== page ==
As President and Founder of Prista, Don Jarrell brings more than 30 years of technology experience in products management, application design, technology strategy and intellectual property management licensing. Don has provided the vision for Prista and for the ActionCue application.

Billie Anne Schoppman is a Registered Nurse and CPHQ (Certified Professional in Healthcare Quality) with more than 30 years of experience in the healthcare industry. As the Chief Mission Officer at Prista, she brings her passion to create the most efficient environment for improvement.

Dr. Jake Redden is a member of Prista’s Advisory Board with expertise in patient safety, healthcare quality, human factors, crew resource management, and safety culture, and is certified in healthcare quality and patient safety.



10. What is the biggest or most strategic impact when using the kinds of innovations we’re talking about that directly benefit user organizations?


Don Jarrell: We talk a lot about innovation in terms of daily impact because we’re trying to adjust behavioral interactions regarding the quality and safety efforts, but we’re actually improving the entire management process too.

When we can use technology to shape the workflow and keep it moving so that incident investigations don’t stall, data doesn’t get unreported and various reports don’t drive right into the performance improvement segment, we’re changing the process by which hospitals are managed.

It’s not about giving a motivational speech and turning up the heat on people to get results. It’s about actually changing the process and facilitating what management is expecting by their presence and their actual involvement in the workflows to some degree, not in a way that’s going to overburden them or keep them connected at arm’s length, but in a way that uses all of the leadership principles Dr. Redden talked about.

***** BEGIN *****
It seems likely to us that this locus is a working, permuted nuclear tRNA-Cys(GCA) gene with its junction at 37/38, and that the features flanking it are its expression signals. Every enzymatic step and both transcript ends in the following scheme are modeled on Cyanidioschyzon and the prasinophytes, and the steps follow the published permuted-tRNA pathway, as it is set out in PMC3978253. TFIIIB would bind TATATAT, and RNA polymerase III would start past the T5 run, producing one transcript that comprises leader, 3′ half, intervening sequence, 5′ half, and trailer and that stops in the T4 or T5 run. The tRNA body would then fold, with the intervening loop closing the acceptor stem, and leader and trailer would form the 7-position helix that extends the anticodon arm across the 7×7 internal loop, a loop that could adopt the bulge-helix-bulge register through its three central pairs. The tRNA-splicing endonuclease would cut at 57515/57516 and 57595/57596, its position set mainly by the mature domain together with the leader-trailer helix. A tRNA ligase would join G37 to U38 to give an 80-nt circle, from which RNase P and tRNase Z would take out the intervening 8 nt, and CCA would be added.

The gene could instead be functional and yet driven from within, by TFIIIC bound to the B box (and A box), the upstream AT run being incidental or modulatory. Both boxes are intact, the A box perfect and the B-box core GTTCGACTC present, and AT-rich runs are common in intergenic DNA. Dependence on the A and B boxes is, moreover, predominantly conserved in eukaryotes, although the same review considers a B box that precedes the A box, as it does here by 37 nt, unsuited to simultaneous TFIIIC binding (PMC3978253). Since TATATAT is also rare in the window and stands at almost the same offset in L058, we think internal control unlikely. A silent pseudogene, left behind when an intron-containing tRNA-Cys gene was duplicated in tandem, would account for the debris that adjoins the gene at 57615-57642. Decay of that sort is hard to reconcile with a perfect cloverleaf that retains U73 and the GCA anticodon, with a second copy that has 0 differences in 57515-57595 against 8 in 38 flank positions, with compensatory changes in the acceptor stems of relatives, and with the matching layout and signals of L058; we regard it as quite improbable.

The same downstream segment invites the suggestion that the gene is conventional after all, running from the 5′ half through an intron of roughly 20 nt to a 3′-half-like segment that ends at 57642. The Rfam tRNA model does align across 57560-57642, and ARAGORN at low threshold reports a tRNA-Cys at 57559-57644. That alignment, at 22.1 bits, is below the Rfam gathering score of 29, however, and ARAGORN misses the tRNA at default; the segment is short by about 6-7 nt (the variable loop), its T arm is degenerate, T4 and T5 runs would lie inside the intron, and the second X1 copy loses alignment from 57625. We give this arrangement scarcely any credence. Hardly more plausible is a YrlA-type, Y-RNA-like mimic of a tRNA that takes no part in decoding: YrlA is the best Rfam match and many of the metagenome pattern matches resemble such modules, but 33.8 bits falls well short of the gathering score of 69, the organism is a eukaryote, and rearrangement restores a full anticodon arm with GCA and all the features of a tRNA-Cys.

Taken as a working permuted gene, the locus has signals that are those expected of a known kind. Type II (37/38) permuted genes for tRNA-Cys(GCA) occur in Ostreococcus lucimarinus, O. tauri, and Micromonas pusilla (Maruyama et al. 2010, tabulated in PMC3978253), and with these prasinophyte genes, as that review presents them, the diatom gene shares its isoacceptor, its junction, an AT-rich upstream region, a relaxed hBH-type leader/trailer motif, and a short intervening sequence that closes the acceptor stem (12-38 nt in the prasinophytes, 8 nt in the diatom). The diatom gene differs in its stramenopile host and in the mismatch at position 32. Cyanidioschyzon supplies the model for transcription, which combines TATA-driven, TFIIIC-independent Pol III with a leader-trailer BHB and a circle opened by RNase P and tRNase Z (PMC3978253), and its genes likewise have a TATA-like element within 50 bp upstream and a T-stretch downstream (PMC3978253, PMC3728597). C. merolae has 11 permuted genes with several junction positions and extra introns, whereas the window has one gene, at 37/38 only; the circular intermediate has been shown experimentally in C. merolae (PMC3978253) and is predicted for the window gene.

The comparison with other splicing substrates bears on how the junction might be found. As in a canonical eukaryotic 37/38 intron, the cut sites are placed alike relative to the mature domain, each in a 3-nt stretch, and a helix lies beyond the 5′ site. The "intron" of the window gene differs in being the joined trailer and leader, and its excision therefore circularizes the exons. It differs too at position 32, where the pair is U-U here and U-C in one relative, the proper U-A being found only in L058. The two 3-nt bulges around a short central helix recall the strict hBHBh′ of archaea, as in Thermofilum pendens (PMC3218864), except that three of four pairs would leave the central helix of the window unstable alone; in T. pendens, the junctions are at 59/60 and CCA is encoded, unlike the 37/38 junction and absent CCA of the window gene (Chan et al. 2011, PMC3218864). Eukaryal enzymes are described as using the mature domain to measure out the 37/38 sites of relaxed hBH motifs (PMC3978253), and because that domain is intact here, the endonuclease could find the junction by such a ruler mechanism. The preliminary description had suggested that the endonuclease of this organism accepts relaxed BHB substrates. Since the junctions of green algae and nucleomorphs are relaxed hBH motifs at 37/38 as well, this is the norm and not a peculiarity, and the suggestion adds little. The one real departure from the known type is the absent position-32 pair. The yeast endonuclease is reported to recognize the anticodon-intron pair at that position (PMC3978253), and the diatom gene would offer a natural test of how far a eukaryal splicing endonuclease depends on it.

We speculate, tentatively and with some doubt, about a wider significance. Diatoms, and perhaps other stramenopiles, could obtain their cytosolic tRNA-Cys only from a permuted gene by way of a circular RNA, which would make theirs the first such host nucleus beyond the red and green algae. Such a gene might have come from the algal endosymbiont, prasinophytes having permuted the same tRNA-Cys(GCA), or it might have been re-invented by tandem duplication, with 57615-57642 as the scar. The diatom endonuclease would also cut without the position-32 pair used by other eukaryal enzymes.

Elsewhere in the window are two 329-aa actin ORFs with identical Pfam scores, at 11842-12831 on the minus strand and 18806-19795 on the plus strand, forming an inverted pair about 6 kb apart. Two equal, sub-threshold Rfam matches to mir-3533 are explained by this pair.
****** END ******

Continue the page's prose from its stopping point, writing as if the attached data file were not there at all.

These things will change the way the organization is actually carrying out its management process, and that’s what we’re really after. We’re not asking anybody to act heroically based on being super revved up in their motivations. We’re simply enabling them to work a little harder and contribute a little more. That will naturally turn into a sense of satisfaction that really helps sustainability.

Dr. Jake Redden: What I always look for from a strategic impact is the production of improvement. We’ve got to measure the amount of work done towards making improvements, whether it’s the number of policies updated, daily process audits, kaizens, rapid process improvement events, standard working element or SOPs.

We’ve got to get our front line employees to first speak up for safety and then be involved in the production of improvements. That is where the real strategic impact is going to come from. We drive innovation with improvement productions in order to make our units in hospitals more efficient, safer and patient focused.


11. What can managers who want to address system issues do when they don’t feel executives are listening? 


Don Jarrell: If the CEO is not responding to input that they’re getting from managers, senior managers should be able to ask “Why don’t you think this is important?” Or phrased more positively, “What could we do to convince you that this is important? What change to the mechanics or the presentation of information or the flow of information could make you feel more engaged and like this was a higher priority?”

I don’t think there’s any way you can force somebody, but you can certainly dialogue with them to start off, just asking them the very simple why or why not questions, in a non-accusatory way, so that you can actually find out what the barrier is and how it can be addressed.

Dr. Jake Redden: The joke I use with my provider partners is the same joke I use for my executive team—you’ve got to tell them something three times before they’ve heard it once, and you’ve got to tell them three more times so they will think it was their idea.